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    ABSTRACT: Since fibroblast growth factor 19 (FGF-19) is a potent metabolic regulator that influences glucose and lipid homeostasis, our aim was to develop an ELISA assay for measuring FGF-19 in human serum and to investigate its concentrations in healthy volunteers and patients suffering from metabolic syndrome. A sandwich ELISA method was developed for quantitative determination of human FGF-19 in serum samples. Blood pressure, waist circumference, FGF-21 serum levels, serum cholesterol, triacylglycerols, HDL-cholesterol, LDL-cholesterol, insulin, glucose, adiponectin, uric acid, creatinine, hs-CRP and calculated BMI and Quicki insulin sensitivity index were measured in 153 healthy volunteers and 66 persons with metabolic syndrome. Neither sex nor age influenced FGF-19 serum concentration in the healthy volunteers. Probands with metabolic syndrome had 65 % lower FGF-19 serum values than the healthy ones (medians 158.6 versus 242.4 ng/L; p<0.01). FGF-19 correlated with glucose (r = -0.35, p<0.01), HDL (r = 0.24, p = 0.045), triacylglycerols (r = -0.19, p = 0.05) and with a number of other risk factors for metabolic syndrome (r = -0.28, p = 0.01). When adjusted to the concentrations of triacylglycerols, BMI and glucose, and finally to all data pertinent to FGF-19 (according to correlation analysis), our data indicate that FGF-19 is an independent marker of metabolic syndrome. The present study demonstrates the analytical properties of the ELISA FGF-19 assay and its usefulness when studying the metabolic syndrome. Serum concentrations of FGF-19 could be new key predictors of metabolic syndrome and thereby even a new negative risk factor of atherosclerosis.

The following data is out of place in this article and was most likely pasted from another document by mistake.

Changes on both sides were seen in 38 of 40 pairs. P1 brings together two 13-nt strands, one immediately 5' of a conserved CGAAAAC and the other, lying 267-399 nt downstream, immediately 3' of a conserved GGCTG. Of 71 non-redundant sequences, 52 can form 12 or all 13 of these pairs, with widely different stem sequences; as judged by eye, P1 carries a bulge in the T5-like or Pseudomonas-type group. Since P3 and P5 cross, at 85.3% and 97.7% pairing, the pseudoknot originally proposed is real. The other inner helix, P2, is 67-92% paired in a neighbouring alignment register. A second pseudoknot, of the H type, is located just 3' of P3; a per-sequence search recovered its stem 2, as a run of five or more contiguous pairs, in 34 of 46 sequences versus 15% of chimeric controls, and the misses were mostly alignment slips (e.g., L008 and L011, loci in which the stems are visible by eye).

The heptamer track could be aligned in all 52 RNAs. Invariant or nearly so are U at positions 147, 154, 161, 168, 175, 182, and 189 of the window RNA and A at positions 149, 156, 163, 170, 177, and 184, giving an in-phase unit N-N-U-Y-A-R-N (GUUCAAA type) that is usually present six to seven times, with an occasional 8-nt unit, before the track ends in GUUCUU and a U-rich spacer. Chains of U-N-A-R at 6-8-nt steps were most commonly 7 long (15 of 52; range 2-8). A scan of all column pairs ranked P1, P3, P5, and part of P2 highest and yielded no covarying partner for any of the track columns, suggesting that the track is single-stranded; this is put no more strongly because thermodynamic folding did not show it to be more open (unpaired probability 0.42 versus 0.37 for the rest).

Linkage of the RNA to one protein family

Scandinavian journal of clinical and laboratory investigation 07/2008; 68(6):501-7. · 1.38 Impact Factor